... all the members of the council of F[ifty] or Kingdom of God in the Camp except Brother Thomas Bullock, went onto the bluffs and selecting a small, circular, level spot, surrounded by bluffs, and out of sight, we clothed ourselves in the priestly garments and offered up prayer to God, for ourselves, this Camp and all pertaining to it, the brethren in the army, our families and all the Saints, President Young being mouth. ... The two latter [Albert Carrington and Porter Rockwell] having no clothing with them stood guard at a little distance from us to prevent interruption. When we started for the bluffs, there was a heavy, black thunder cloud rising from the South west, and to all appearance, it might rain any minute, but the brethren believed it would not rain till we got through and if it did we chose rather to take a wetting than to be disappointed of the privilege. It kept off remarkably till we got through, and got our cloths on, but soon after began to rain and after we got to Camp it rained considerable accompanied by strong wind. I never noticed the brethren so still and sober on a Sunday since we started as today. There is no jesting, nor laughing, nor nonsense. All appear to be sober and feel to remember their covenant, which makes things look far more pleasant than they have done heretofore.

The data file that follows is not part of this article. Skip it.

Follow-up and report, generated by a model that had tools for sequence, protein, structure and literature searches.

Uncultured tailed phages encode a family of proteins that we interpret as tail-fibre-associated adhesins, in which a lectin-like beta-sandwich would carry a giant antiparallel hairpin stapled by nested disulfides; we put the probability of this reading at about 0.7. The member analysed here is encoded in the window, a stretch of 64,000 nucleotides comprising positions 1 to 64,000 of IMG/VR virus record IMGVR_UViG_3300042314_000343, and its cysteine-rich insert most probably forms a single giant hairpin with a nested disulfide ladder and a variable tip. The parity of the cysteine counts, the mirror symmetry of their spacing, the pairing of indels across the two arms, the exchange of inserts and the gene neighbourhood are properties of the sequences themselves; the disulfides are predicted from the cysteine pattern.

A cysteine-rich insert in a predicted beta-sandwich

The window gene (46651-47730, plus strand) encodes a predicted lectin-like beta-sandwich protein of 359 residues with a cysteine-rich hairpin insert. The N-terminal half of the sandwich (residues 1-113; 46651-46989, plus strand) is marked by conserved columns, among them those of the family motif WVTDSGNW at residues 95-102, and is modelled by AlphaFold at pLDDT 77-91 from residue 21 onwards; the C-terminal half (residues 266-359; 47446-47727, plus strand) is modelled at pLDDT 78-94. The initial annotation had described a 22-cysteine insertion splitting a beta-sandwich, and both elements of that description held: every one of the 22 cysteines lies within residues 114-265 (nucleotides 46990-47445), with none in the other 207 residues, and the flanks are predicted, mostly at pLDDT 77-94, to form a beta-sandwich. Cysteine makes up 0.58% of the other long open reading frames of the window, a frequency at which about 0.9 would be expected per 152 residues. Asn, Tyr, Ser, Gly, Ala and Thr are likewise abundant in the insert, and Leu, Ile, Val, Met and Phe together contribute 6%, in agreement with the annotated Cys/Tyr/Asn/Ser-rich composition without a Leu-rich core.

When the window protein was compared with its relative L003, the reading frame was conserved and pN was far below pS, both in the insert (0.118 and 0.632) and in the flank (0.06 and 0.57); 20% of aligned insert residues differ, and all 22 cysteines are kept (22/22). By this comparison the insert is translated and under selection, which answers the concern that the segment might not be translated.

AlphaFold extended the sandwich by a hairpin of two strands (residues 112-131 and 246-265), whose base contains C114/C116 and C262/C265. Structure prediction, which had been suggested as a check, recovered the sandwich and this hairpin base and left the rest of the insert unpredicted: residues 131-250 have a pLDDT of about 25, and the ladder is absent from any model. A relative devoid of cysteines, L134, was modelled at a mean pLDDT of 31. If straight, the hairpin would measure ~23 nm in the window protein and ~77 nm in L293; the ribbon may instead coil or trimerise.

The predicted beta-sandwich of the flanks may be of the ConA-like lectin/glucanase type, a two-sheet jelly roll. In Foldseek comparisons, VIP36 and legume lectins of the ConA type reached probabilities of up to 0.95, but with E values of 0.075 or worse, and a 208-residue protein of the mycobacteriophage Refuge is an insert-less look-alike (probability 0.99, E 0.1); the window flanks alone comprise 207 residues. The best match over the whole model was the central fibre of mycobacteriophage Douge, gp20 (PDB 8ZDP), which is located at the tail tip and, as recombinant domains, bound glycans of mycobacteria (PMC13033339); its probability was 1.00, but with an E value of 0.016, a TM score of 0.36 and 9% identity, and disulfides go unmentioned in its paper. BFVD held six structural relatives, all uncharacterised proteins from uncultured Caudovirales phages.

[George D. Smith, An Intimate Chronicle; The Journals of William Clayton, Signature Books in association with Smith Research Associates, Salt Lake City, 1995, http://bit.ly/WilliamClayton]